(Top image) Shaded relief of the new multibeam bathymetry along the Puerto
Rico Trench illuminated from the northwest. Thin contours indicate
bathymetry at 500-m intervals. (Bottom image) Combined bathymetry map of
the multibeam bathymetry data, single-beam bathymetry compilation around
Puerto Rico, Lidar data near shore, and topography of Puerto Rico.
Contour interval is 500 m. Thick barbed white lines denote thrust faults;
thick white lines denote normal faults; thin white line denotes strike-slip
fault; thin black line denotes northern edge of tilted carbonate platform
and southern edge on land; dashed lines indicate head scarp of slope
failures; dotted line indicates debris toe; blue lines indicate fissures
in the seafloor; A - pull-apart basin; B - location of probable extinct
mud volcano observed on backscatter images. Large box and a grey arrow
show location and viewing direction of the figure shown in the tsunami
section. Click on image for larger view.
To help understand the origin of the unusual bathymetry,
gravity, and vertical tectonics of the plate boundary and to provide
constraints for hazard assessment, the morphology of the entire 770-km-long
trench from the Dominican Republic in the west to Anguilla in the east
was mapped with multibeam echosounder during three cruises in 2002 and 2003.
Parts of the Puerto Rico Trench were previously surveyed with side-scan sonar
[Grindlay et al.,1997] and multibeam echosounder [Dillon et al., 1998; Grindlay
et al., 1997], often at lower resolution and with line orientation and
spacing that did not provide complete bathymetric coverage.
The bathymetry (seafloor topography) data were collected
using the SeaBeam 2112 multibeam system aboard the National Oceanic and
Atmospheric Administration (NOAA) ship Ron Brown, with sufficient swath
overlap and proper line orientation for hydrographic survey.The data were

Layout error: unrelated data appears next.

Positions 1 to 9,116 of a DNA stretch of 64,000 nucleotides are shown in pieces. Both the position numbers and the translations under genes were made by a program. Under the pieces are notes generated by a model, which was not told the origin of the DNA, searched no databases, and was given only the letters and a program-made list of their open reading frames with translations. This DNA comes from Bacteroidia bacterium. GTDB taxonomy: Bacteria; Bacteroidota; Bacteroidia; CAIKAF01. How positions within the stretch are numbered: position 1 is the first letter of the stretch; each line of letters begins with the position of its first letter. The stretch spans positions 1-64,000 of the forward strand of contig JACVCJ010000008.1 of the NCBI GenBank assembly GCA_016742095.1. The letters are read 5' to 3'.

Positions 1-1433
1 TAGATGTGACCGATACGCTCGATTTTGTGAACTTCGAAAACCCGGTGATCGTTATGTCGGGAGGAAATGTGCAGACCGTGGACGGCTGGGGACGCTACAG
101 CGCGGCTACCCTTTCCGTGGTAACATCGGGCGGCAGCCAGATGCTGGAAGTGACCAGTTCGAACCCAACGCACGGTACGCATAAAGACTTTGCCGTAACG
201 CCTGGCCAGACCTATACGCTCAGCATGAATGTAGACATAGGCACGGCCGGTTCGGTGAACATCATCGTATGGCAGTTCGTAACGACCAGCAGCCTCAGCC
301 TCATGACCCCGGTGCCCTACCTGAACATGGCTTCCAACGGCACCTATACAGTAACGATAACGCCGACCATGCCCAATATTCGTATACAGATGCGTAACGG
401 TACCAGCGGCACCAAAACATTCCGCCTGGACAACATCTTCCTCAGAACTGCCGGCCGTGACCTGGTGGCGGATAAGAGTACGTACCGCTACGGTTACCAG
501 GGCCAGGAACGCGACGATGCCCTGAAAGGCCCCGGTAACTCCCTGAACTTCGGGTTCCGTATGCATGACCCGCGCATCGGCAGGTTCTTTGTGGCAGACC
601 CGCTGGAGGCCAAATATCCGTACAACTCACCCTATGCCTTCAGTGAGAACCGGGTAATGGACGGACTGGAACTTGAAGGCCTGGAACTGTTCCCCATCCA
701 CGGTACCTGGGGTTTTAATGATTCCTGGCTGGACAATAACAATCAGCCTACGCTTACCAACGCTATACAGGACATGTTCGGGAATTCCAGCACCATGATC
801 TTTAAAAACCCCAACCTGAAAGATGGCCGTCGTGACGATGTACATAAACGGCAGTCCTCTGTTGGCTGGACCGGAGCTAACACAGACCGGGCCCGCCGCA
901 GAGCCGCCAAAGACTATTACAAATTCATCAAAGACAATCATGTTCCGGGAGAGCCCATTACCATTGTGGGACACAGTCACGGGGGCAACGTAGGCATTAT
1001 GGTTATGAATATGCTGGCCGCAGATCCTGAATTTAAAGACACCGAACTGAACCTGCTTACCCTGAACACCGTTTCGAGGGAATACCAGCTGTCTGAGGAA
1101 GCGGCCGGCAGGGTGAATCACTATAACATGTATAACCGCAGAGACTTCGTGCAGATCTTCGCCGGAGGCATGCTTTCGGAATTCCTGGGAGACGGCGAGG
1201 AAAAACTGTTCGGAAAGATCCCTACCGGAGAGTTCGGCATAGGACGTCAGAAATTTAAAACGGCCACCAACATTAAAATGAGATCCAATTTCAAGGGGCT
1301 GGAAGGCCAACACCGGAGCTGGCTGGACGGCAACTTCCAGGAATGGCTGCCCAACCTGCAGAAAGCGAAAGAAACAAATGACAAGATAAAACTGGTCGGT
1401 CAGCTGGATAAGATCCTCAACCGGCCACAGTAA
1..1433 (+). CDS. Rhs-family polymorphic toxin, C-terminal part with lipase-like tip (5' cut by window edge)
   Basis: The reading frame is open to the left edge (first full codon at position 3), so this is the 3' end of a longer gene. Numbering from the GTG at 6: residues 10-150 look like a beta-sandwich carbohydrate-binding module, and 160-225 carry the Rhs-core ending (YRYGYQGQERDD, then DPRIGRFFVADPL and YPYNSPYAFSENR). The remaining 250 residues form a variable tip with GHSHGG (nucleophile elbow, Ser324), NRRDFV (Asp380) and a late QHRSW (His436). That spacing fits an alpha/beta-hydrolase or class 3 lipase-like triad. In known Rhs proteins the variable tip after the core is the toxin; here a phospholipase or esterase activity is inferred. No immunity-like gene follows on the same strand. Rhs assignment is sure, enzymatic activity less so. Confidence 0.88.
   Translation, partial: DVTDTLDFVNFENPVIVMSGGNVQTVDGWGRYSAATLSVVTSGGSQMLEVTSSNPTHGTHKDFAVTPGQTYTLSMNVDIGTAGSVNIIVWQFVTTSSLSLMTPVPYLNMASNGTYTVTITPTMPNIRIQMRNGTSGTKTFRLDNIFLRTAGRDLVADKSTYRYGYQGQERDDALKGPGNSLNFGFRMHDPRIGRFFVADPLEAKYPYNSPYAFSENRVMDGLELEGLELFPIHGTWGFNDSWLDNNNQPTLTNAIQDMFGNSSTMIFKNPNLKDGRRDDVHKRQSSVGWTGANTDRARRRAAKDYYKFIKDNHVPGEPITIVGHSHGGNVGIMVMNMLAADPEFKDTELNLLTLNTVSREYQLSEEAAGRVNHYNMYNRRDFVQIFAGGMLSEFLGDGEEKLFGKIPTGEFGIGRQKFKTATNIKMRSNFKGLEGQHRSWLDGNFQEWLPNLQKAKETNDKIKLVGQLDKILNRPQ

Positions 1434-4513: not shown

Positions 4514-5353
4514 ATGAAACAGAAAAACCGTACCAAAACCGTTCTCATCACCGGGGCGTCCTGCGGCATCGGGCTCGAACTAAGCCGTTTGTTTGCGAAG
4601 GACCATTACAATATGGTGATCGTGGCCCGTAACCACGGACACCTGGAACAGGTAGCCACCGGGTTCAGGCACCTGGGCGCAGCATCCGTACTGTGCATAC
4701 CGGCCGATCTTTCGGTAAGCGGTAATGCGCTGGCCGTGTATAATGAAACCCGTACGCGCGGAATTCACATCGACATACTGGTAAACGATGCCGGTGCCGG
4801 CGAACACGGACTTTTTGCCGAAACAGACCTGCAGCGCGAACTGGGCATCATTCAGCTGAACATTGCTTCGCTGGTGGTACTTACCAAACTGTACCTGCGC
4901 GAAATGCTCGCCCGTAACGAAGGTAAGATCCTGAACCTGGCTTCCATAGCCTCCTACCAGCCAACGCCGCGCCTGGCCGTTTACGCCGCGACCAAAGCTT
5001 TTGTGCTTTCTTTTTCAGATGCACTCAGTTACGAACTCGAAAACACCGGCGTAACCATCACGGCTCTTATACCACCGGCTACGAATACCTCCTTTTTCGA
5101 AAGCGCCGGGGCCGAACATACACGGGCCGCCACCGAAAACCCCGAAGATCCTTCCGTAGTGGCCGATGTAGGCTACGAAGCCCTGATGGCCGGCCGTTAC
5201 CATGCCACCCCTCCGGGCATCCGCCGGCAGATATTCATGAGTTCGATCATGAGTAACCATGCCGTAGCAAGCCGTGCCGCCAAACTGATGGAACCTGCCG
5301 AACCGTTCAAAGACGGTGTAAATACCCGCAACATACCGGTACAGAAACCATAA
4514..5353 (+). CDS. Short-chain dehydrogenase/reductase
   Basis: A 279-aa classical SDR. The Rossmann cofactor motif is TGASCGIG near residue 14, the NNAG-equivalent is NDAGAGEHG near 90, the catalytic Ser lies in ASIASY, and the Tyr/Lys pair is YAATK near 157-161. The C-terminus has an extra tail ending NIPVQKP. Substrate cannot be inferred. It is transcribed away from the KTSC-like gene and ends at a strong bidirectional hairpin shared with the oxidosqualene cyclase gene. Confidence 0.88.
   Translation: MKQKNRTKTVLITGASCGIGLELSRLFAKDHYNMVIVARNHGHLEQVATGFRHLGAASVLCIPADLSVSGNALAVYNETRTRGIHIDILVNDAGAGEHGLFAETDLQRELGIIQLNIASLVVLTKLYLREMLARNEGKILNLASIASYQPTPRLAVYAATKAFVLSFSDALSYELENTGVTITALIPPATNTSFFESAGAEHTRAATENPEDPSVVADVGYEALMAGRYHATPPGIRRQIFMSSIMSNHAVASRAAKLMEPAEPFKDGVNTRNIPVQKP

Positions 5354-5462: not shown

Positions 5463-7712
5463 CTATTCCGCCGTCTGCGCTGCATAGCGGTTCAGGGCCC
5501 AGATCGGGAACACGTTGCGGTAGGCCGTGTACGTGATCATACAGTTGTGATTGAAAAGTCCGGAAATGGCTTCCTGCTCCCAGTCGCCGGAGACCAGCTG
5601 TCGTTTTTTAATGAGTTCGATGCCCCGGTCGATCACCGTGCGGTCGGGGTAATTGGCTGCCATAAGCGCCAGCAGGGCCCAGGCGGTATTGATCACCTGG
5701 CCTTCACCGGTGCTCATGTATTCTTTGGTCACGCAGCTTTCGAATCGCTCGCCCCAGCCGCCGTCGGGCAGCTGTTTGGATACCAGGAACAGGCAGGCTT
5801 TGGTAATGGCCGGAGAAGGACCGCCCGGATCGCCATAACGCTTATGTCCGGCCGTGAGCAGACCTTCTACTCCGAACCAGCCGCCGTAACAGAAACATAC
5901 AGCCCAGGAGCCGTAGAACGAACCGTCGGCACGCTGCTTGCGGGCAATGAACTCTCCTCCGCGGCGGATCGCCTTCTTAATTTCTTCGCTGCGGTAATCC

gridded at 150-m grid size following resolution tests.Vertical resolution
is estimated to be 0.5-1% of the water depth (10-80 m; L.Mayer,
oral communication,2003). Backscatter mosaic images derived from the
multibeam bathymetry data aided in interpretation.The total mapped area is
100,000 km2, slightly smaller than the area of the state of Virginia.
The trench can be divided into two parts at about
65-66W.The western part includes the deepest sector of the trench,
and is associated with the most oblique convergence.This sector is
10-15 km wide and 8300-8340 m deep relative to mean sea level
(figure). It is remarkably flat and is covered by nonreflective pelagic
sediments.Seismic profiles show it to be underlain by rotated blocks of
the NOAM plate that indicate trench subsidence.The unusual depth extends
southward over parts of the forearc. The trench floor narrows to the west
and abruptly shallows to 4700 m as it turns into the Hispaniola Trench,
where convergence is more perpendicular. The eastern part of the trench
is shallower by 700 m and more rugged than the deep western part.The
subducting NOAM plate is observed in seismic lines to be broken into blocks,
but the descending blocks are not rotated.
Detailed seafloor mapping of complete geological provinces,
such as the one reported here, provide critical perspective on their
origin and development and provide base maps for studies in other
disciplines. Here and in related publications, the maps are used to
investigate the causes of the subsidence and deformation of this unusually
deep part of the Atlantic Ocean and to identify earthquake and tsunami
hazards. Earthquake hazard from strike-slip motion in the forearc may be
small, although other potential sources of earthquakes in the region may
exist.Tsunami hazard to the northern coast of Puerto Rico and the Virgin
Islands from submarine slope failures appears to be high.
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